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Approval Workflow Knowledge

Posted by Steve Pietrek on May 2, 2008

I am working on a custom workflow solution. While testing my solution out, I realized a workflow initiator could approve workflow they initiated even though the task was not assigned to them. 

To see what Microsoft does and hopefully clear my confusion, I created a brand new document library named “Incoming Resumes”. I created a default approval workflow named “Incoming Resumes Approval” – I only set the approver to be Mary and put in a custom message. I created two users, Sam and Mary. Sam is just a contributor. Mary is an approver.

Here’s what I did:

  1. Sam created a document and added it to the “Incoming Resumes” document library.
  2. Sam manually kicked off the workflow (only option).
  3. A new column named “Incoming Resumes Approval” was added to the “Incoming Resumes” document library. The new document now had a status of “In Process”.
  4. Sam clicked the “In Process” link and the Workflow Status page was displayed.
  5. In the history, Sam read when the workflow was started by herself and Mary is the only participant. A task was created for Mary.
  6. In the Tasks section, Sam clicked the task title and displayed the Task Edit form. Hmmm.
  7. Sam was able to click the Approve button and approve the workflow – even though it was assigned to Mary!

This is something I did not expect. After some research, there is a setting on the second page of the approval workflow association form “Allow changes to the participant list when this workflow is started”. By default, this option is checked. If this is checked, the workflow initiator can make changes. To avoid this issue, uncheck this option. Unchecking this option will rollback any changes the workflow initiator has made and display the message: “Task update was not accepted”. All in all, I guess it makes sense. If the workflow initiator can assign to someone else, it also means they can make changes herself.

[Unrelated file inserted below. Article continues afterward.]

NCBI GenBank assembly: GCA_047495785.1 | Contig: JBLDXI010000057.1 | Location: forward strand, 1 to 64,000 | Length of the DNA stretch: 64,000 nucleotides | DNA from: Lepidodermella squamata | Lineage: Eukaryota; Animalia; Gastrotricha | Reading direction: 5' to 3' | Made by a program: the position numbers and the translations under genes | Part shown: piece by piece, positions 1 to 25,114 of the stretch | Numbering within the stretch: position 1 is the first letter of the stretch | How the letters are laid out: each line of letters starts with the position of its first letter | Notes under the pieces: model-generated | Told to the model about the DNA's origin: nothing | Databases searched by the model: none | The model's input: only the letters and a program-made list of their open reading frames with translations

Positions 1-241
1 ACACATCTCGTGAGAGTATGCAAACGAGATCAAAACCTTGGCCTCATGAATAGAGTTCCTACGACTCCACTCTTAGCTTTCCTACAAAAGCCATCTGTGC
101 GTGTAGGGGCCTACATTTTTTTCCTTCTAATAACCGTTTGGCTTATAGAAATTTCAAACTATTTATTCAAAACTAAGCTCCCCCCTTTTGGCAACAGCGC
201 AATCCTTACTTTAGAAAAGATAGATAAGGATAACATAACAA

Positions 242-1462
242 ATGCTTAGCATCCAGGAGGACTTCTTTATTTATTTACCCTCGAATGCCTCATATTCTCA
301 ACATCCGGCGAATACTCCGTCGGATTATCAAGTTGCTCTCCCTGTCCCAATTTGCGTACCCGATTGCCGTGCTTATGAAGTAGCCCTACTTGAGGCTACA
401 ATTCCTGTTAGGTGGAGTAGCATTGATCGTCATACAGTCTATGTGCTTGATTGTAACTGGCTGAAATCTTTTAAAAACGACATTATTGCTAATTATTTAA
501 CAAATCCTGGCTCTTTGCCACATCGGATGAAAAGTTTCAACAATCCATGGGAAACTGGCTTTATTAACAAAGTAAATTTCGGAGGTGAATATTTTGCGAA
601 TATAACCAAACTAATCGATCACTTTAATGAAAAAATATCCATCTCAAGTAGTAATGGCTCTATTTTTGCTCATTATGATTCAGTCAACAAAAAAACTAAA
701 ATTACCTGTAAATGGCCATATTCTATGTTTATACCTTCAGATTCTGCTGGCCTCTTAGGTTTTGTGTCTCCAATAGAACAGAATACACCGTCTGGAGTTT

A couple observations:

  1. Although a user may not have a permission of approver DOES NOT mean they cannot approve workflow.
  2. There appears to be a usability issue when the “Allow changes to the participant list when this workflow is started” is not checked. Why should a user be allowed to view the Task Edit form, make changes, click the Approve, and then see an error message that they are not allowed to make changes because the task is assigned to someone else. I know you could disable the Task Edit form options in a custom workflow but why not in the out-of-the-box experience. The Approve/Reject buttons are disabled if you view the Task Edit form after a task is completed.

Update 1: Interesting, reviewing the form, the “Allow changes to the participant list when this workflow is started” control in InfoPath is named “InitLock”.

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